McENTEE, Circuit Judge.
Defendant Fleming and one McKenny were indicted jointly for transferring marijuana without a written order in violation of the Federal Naroctics Law.1 The alleged offense occurred on February 5, 1964 and defendants were indicted on April 23, 1965. This indictment resulted from an undercover narcotics investigation in the Boston area. The case was assigned for trial to March 17, 1966.2 On the first morning of the trial defendant moved to dismiss the indictment. He complained that since this case involved only one alleged illegal transaction, the government had no legitimate reason for such an unreasonable delay either in presenting it to the grand jury or in bringing him to trial; that this delay substantially prejudiced his defense; that by reason thereof he was denied due process under the Fifth Amendment and was also deprived of his Sixth Amendment right to a speedy trial. Upon denial of this motion the defendant went to trial and the jury found him guilty as charged.
Defendant's principal contention on appeal is that the government's delay was prejudicial, unreasonable and oppressive. Also, he reasserts his contention that his Sixth Amendment right to a speedy trial was violated.3 The delay complained of relates to both the pre-indictment and the post-indictment periods. Whether there is any merit in this claim as to either period depends upon whether this defendant was prejudiced by this delay or whether it was occasioned by oppressive or culpable governmental conduct.4 Cf. United States v. Ewell, 383 U.S. 116, 86 S. Ct. 773, 15 L. Ed. 2d 627 (1966). Compare Schlinsky, v. United States, 379 F.2d 735, decided by this court today.
Whatever may be the limits of a defendant's rights with reference to preindictment delay, suffice it to say that these limits have not been approached in the instant case. See Schlinsky v. United States, supra. To begin with, the preindictment delay was fairly short (fourteen months) and there was good reason for it. The record shows that the investigation of Fleming continued into 1965 and this delay stemmed from an entirely legitimate desire on the part of the government to keep the identity of its undercover agents secret until they had completed their investigation. Accord Powell v. United States, 122 U.S.App.D.C. 229, 352 F.2d 705, 708 (1965).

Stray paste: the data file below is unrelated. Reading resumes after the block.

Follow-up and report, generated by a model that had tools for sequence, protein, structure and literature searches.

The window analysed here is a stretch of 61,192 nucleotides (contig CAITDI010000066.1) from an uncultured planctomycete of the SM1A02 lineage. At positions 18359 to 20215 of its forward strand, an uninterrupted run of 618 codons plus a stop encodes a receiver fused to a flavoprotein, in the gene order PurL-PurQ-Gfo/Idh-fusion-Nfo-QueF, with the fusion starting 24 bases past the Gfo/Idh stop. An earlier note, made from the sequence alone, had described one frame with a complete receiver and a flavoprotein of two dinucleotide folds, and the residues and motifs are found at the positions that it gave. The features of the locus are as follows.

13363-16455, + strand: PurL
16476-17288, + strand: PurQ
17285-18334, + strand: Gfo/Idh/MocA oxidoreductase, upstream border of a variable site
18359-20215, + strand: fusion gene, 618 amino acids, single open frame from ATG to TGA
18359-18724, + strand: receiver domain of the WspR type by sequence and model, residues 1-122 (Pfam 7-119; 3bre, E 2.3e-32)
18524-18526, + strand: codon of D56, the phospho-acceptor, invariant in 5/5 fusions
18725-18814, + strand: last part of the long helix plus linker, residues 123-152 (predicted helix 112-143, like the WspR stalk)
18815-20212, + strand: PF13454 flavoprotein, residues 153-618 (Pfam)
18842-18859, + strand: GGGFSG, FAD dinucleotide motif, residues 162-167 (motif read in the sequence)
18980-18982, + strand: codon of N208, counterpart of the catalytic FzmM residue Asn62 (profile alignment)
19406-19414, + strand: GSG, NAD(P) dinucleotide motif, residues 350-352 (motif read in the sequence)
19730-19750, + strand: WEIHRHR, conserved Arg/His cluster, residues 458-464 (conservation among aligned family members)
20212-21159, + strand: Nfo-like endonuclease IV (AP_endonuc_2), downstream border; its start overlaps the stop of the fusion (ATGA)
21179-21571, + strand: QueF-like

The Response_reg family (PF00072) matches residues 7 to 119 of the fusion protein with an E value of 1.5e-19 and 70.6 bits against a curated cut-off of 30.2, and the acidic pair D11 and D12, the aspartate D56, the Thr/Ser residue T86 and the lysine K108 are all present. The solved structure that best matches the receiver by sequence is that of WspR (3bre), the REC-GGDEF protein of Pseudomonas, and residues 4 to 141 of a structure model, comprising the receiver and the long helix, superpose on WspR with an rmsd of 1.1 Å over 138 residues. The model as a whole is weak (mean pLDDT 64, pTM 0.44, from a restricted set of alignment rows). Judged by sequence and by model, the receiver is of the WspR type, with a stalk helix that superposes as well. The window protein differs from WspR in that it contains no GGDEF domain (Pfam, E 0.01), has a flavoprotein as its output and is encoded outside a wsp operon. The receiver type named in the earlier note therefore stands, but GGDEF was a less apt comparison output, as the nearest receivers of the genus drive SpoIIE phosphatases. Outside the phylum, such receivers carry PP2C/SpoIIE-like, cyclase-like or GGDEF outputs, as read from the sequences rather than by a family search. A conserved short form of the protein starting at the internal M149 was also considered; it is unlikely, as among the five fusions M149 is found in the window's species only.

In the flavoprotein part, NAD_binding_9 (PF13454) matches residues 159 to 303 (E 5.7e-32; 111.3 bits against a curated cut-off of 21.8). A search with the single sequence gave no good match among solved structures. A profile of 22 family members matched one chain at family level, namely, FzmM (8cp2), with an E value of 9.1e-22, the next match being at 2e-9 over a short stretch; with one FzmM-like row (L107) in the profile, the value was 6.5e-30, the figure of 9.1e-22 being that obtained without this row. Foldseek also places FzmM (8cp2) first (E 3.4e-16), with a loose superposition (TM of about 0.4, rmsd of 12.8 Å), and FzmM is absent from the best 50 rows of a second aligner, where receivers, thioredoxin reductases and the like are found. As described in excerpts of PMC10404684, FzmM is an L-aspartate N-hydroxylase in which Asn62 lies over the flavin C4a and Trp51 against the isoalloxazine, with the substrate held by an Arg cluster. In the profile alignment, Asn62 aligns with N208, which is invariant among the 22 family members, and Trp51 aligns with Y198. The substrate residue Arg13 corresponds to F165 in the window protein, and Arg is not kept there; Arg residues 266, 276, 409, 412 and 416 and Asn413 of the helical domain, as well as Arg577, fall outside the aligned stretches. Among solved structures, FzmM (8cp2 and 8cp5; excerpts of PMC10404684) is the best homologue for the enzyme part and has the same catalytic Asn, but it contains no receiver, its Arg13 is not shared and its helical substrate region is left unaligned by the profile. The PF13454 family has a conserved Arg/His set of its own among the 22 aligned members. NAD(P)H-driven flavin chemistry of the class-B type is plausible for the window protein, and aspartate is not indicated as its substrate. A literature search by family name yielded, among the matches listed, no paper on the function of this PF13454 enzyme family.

As to defendant's additional contention that the post-indictment delay violated his Sixth Amendment right to a speedy trial, as well as the "unnecessary delay" clause of Rule 48(b) which enforces this right, we point out that this delay was also very short -- eleven months. Furthermore, "the right of a speedy trial is necessarily relative. It is consistent with delays and depends upon circumstances." United States v. Ewell, supra, 383 U.S. at 120, 86 S. Ct. at 776. Consequently, the showing of a mere lapse of time is not enough to establish denial of a speedy trial. As indicated above, it is essential that defendant also show prejudice or that the delay was improperly motivated.
The only prejudice alleged by this defendant in connection with either period was his own inability as well as that of his only defense witness to recall the events of February 5, 1964. A mere reading of the record demonstrates very clearly that defendant's memory certainly was not impaired as to what happened on that day. He testified in considerable detail both as to his actions and his whereabouts on the day of the alleged offense. As for his witness, it is not at all clear from the record that he was present during the transaction in question the details of which he allegedly forgot.5 Consequently, defendant's claim with reference to both the pre-indictment and post-indictment period must fail.
Quite apart from this, we note that at no time did this defendant demand, request or attempt in any way to obtain a trial. Where, as here, defendants are not incarcerated frequently they prefer delay rather than a prompt trial. It is well settled that failure to seasonably demand a speedy trial is deemed a waiver of the right. United States v. Sanchez, 361 F.2d 824, 825 (2d Cir. 1966). This is particularly true when the motion to dismiss for lack of a speedy trial is not made until the very day of the trial itself. United States v. Wilson, 342 F.2d 782, 783 (2d Cir.), cert. denied, 382 U.S. 860, 86 S. Ct. 119, 15 L. Ed. 2d 98 (1965); United States v. Ettelt, 334 F.2d 813, 815 (7th Cir. 1964); Harlow v. United States, 301 F.2d 361, 366-367 (5th Cir.), cert. denied, 371 U.S. 814, 83 S. Ct. 25, 9 L. Ed. 2d 56 (1962).
All other points raised by defendant have been considered and found to be without merit.
1. 26 U.S.C. § 4742(a).
2. Co-defendant McKenny pleaded guilty to the indictment on the day before trial.
3. On appeal defendant abandoned his contention made in the district court that this delay denied him due process in violation of the Fifth Amendment but now seeks for the first time to invoke the "unnecessary delay" clause of Rule 48 (b) Fed.R.Crim.P. Since this clause implements the Sixth Amendment right to a speedy trial, we see no necessity for separate treatment of this point, assuming it to be properly before us.
4. Since the defendant relies on the same facts to show prejudice as to both periods, we shall examine this contention infra in connection with defendant's Sixth Amendment claim.
5. Neither of the two government agents who testified as to all who were present at their February 5, 1964 meeting with this defendant, made any mention of Ray being there during any part of the transaction.